Psychosocial and productivity impact of caring for a child with peanut allergy

Abstract

Background Limited previous research has assessed the psychosocial burden and productivity impact of caring for a child with peanut allergy and factors associated with burden. The objective of this research was to explore caregiver burden in terms of psychosocial and productivity impact of caring for a child with peanut allergy, the influence of caregiver and child gender on caregiver burden, and factors predicting caregiver burden in peanut allergy. Methods A cross-sectional survey of caregivers of children with peanut allergy was conducted in the United Kingdom, and included sociodemographic and clinical questions, EQ-5D, Hospital Anxiety and Depression Scale, Food Allergy Quality of Life-Parental Burden, Food Allergy Independent Measure, and productivity questions. Results One hundred caregivers (55% female) of children with peanut allergy (aged 4–15 years) completed the survey. Male and female caregivers reported mean levels of anxiety significantly higher than United Kingdom population norms. Caregivers of children with severe peanut allergy reported significant impacts on their careers and health-related quality of life. Neither caregiver nor child gender impacted burden, indicating that male and female caregivers are equally anxious and suffer the same level of negative career, productivity, and health-related quality-of-life impact due to their child’s peanut allergy. Caregivers’ perceived risk of outcomes related to their child’s peanut allergy (e.g., death or severe reaction) as measured by the Food Allergy Independent Measure independently predicted burden. Conclusions Caregivers of children with peanut allergy in the United Kingdom experience health-related quality-of-life, psychosocial, and productivity burden; this study demonstrates the high levels of anxiety reported by both male and female caregivers.

Publication DOI: https://doi.org/10.1186/s13223-020-00477-3
Divisions: College of Health & Life Sciences > School of Psychology
College of Health & Life Sciences > Applied Health Research Group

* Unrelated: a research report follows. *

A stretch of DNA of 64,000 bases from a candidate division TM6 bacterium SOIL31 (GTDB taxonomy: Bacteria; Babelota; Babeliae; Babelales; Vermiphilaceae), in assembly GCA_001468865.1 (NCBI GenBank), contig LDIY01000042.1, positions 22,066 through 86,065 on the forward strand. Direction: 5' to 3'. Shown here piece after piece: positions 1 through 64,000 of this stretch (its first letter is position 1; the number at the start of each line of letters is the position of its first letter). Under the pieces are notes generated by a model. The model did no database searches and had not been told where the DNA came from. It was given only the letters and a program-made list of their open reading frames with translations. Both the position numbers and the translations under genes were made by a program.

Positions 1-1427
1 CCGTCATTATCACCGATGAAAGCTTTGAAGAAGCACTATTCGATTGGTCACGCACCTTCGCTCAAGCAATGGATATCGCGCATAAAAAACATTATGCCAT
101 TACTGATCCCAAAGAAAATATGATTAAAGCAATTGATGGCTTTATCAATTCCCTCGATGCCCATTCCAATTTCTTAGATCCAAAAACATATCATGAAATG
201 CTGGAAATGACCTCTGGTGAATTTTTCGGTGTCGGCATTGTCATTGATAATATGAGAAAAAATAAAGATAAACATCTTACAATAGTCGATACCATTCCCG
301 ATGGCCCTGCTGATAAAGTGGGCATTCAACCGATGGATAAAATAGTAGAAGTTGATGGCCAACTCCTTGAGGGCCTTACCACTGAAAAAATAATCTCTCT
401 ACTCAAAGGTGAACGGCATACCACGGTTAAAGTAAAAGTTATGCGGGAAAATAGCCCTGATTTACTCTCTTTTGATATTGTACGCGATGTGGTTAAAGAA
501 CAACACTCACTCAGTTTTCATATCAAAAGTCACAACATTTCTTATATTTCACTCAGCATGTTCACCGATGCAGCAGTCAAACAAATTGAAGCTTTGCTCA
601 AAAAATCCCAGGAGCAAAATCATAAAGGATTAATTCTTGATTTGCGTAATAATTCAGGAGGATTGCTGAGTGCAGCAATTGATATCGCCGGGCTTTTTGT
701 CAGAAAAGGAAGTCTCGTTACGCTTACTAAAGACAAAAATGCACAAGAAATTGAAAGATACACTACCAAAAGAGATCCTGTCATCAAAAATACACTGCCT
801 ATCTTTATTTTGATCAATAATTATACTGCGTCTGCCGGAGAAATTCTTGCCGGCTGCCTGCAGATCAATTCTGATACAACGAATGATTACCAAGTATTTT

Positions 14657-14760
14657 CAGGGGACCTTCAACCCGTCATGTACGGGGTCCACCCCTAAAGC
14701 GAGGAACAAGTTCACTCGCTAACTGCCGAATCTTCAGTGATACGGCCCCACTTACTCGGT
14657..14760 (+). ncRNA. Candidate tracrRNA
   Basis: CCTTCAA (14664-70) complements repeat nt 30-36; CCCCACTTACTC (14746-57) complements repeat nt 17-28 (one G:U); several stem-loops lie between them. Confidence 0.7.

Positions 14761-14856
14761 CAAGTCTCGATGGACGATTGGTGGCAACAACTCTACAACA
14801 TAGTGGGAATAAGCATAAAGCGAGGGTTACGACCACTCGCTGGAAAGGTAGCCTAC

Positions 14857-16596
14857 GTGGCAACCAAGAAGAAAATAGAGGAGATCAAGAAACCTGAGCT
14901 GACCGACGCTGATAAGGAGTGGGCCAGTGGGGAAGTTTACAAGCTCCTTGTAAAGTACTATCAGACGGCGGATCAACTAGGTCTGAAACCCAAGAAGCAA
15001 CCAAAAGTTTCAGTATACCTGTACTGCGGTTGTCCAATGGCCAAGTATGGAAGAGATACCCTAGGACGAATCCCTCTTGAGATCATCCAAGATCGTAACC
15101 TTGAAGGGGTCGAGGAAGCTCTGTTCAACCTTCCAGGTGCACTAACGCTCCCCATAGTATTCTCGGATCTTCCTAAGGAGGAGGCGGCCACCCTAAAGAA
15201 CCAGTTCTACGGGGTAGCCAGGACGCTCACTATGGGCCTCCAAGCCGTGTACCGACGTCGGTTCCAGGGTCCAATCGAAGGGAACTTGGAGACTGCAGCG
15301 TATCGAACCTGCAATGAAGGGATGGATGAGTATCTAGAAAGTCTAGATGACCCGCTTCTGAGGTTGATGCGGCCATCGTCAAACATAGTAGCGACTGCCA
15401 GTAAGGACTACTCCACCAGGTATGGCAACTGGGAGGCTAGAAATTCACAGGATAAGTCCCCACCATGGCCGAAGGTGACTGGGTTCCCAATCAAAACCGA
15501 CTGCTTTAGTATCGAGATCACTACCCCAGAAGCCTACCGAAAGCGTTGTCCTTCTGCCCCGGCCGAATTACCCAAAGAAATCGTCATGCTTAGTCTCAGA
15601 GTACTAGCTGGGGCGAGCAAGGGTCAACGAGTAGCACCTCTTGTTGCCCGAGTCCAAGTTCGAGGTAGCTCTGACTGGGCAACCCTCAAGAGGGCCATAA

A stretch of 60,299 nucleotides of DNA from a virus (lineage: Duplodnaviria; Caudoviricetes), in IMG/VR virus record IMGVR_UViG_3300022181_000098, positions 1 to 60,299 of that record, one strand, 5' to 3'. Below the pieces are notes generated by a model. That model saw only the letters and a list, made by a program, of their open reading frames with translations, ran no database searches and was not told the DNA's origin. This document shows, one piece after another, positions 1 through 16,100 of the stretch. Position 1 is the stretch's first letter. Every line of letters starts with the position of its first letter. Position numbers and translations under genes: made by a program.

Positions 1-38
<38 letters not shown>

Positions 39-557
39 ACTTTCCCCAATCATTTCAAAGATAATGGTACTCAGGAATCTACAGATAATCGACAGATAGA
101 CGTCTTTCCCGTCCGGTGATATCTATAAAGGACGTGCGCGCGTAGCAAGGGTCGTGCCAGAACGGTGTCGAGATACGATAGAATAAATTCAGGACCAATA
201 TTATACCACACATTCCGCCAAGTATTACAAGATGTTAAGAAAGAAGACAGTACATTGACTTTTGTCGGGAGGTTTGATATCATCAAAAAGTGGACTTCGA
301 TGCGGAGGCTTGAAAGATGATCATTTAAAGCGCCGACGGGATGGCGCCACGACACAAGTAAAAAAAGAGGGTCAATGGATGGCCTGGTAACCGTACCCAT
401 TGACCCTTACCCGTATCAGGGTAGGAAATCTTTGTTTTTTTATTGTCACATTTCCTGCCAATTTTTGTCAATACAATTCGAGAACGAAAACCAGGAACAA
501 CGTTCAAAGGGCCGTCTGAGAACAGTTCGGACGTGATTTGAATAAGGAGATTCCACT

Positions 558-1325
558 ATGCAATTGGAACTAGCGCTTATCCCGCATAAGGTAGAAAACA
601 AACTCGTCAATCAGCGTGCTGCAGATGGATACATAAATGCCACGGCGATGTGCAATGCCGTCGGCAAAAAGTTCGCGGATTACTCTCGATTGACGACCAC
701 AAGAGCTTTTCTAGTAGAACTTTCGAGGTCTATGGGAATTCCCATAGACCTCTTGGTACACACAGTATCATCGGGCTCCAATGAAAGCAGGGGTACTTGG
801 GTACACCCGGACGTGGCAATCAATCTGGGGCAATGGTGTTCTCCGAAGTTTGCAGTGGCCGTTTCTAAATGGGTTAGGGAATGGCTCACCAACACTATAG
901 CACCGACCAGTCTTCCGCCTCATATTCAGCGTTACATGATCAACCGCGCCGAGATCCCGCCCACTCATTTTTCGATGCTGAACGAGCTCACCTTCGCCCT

College of Health & Life Sciences
Additional Information: © The Author(s) 2020. This article is licensed under a Creative Commons Attribution 4.0 International License, which permits use, sharing, adaptation, distribution and reproduction in any medium or format, as long as you give appropriate credit to the original author(s) and the source, provide a link to the Creative Commons licence, and indicate if changes were made. The images or other third party material in this article are included in the article’s Creative Commons licence, unless indicated otherwise in a credit line to the material. If material is not included in the article’s Creative Commons licence and your intended use is not permitted by statutory regulation or exceeds the permitted use, you will need to obtain permission directly from the copyright holder. To view a copy of this licence, visit http://creativeco mmons.org/licenses/by/4.0/. The Creative Commons Public Domain Dedication waiver (http://creativecommons.org/publicdomain/ zero/1.0/) applies to the data made available in this article, unless otherwise stated in a credit line to the data.
Uncontrolled Keywords: Caregiver,Health-related quality of life,Parental burden,Peanut allergy,Productivity,Psychosocial burden,Immunology and Allergy,Immunology,Pulmonary and Respiratory Medicine
Full Text Link:
Related URLs: https://aacijou ... 223-020-00477-3 (Publisher URL)
http://www.scop ... tnerID=8YFLogxK (Scopus URL)
PURE Output Type: Article
Published Date: 2020-09-25
Accepted Date: 2020-08-29
Authors: Acaster, Sarah
Gallop, Katy
Vries, Jane de
Marciniak, Anne
Ryan, Robert
Vereda, Andrea
Knibb, Rebecca (ORCID Profile 0000-0001-5561-0904)

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